PARIS — You can get on a train at London's St. Pancras International Station and be in Paris in 2 1/2 hours.
The Eurostar journey to Gare du Nord Station is a wonder of engineering: The trains reach speeds of 170 miles per hour in tunnels that at their deepest are more than 200 feet underground. The Chunnel, as the route is known, connects the U.K. and France in a way they've never been before.
Brexit threatens that connection, because commuters could face lines and extra checks due to new border controls. News coverage here this week of the U.K.'s exit from the European Union often returns to that sticking point: how the departure in March 2019 stands to impact the "free movement of people."
There was nothing stopping that free movement when we took the Eurostar from London to Paris on Tuesday, and we found that there was not any hysteria about the U.K. leaving the EU.
From the people we met on the streets, there were opinions, but also a shoulder-shrugging sense of, "C'est la vie" — that's life.
"It's not a good thing, especially for the English people," says Winsole Tieri. "But it is their choice, we have nothing to say. But they will regret."
Tieri says he doesn't think Brexit will be bad for France, but it will be "bad for Europe," because the strength of the European Union is its collective membership.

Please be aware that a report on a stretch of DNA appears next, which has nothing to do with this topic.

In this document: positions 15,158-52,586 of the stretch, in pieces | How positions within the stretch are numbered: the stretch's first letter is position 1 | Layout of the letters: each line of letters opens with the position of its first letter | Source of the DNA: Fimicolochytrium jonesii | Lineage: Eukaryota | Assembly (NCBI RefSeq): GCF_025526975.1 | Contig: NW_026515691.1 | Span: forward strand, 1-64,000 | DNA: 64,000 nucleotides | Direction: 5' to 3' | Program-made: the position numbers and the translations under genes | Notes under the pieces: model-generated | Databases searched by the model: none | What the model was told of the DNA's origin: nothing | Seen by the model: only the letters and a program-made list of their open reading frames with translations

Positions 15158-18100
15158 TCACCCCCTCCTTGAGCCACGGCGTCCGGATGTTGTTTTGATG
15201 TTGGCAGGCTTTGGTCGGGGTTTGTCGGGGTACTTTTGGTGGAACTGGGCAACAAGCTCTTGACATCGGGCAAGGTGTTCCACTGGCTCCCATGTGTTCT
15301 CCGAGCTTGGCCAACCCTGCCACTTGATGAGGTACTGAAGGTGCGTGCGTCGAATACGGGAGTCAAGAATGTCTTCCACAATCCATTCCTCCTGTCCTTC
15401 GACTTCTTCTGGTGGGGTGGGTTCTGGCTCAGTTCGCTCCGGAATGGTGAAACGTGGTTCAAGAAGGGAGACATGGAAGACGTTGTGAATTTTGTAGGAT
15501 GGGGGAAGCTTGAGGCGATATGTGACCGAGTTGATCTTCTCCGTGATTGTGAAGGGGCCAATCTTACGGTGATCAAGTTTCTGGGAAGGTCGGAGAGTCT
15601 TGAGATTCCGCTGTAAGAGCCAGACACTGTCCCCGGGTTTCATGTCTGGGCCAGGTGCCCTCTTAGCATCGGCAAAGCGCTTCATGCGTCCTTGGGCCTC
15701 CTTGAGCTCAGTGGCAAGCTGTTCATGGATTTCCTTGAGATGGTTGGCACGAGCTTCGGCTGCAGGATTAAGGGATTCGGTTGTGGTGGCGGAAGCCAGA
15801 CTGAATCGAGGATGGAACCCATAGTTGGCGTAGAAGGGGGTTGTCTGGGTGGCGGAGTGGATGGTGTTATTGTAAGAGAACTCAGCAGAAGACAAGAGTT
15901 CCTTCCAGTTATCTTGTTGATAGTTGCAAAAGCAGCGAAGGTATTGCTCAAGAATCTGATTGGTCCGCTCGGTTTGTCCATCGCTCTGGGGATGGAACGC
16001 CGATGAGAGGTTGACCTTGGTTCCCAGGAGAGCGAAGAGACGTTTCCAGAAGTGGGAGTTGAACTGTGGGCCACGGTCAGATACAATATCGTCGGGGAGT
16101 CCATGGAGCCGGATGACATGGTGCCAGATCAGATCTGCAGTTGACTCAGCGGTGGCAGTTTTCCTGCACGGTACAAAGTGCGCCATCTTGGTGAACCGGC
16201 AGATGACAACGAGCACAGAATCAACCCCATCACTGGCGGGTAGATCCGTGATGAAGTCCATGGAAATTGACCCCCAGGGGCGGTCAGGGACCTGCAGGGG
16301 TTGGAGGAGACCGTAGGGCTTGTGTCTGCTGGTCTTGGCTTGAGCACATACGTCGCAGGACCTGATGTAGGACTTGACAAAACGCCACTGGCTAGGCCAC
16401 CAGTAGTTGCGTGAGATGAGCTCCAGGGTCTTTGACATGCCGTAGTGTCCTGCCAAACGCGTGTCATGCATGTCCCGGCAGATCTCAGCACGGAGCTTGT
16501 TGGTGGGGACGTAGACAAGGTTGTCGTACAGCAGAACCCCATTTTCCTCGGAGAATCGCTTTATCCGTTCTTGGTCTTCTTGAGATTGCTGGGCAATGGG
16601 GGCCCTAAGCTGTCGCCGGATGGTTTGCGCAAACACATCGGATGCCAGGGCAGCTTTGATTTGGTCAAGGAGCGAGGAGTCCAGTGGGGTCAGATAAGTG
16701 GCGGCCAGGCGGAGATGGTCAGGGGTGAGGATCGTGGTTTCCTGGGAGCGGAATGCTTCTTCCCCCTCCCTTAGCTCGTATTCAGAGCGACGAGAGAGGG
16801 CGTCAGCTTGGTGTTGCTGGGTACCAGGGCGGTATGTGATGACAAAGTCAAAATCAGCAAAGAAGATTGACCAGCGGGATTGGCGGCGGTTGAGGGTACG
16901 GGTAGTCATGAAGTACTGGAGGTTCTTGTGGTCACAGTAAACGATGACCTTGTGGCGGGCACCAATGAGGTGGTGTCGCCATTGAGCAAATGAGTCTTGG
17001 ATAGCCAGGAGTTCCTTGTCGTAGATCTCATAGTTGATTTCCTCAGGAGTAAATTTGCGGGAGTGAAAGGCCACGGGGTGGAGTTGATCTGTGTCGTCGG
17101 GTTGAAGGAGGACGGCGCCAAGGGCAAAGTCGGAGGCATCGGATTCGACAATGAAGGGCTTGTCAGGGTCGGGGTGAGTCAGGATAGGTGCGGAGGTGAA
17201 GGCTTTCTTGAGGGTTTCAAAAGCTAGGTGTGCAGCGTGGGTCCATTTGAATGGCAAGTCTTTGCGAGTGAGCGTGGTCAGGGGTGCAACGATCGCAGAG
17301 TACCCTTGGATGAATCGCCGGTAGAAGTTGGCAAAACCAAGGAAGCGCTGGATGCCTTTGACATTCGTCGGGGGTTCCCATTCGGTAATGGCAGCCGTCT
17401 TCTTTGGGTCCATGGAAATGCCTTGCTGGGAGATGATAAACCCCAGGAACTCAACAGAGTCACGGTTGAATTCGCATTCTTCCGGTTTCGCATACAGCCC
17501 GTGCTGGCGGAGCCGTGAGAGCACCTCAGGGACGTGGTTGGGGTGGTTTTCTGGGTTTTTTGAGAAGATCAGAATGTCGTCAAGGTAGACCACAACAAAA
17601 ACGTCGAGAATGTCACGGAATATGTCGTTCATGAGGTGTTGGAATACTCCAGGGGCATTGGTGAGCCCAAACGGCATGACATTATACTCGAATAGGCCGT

A man who wanted us to just call him Olivier said Brexit is a good thing because "globalism is not a good solution."
"We have to respect nationalities because it's something natural," he said. "We all need borders but that doesn't mean that we are not friends with the others."
The issue of borders is a key one: Brexiteers frequently emphasize that a focal point of leaving the EU is regaining control of the U.K.'s borders. Much like recent American election campaigns, concerns about immigration were central to the argument in favor of Brexit.
Doanne Jaleau said she was concerned about Brexit's effect on French people who work in the U.K., but personally, she said, it will make "no difference for me."
For many people in Paris, Brexit's potential impact remains somewhat abstract. But if and when it happens, it will no doubt change the relationship between these two old nations. At their closest point they are just about 20 miles apart, and Brexit may add some obstacles — if not any physical distance — to what is now a very easy back and forth.
This segment aired on November 15, 2018.
Support the news
Support the news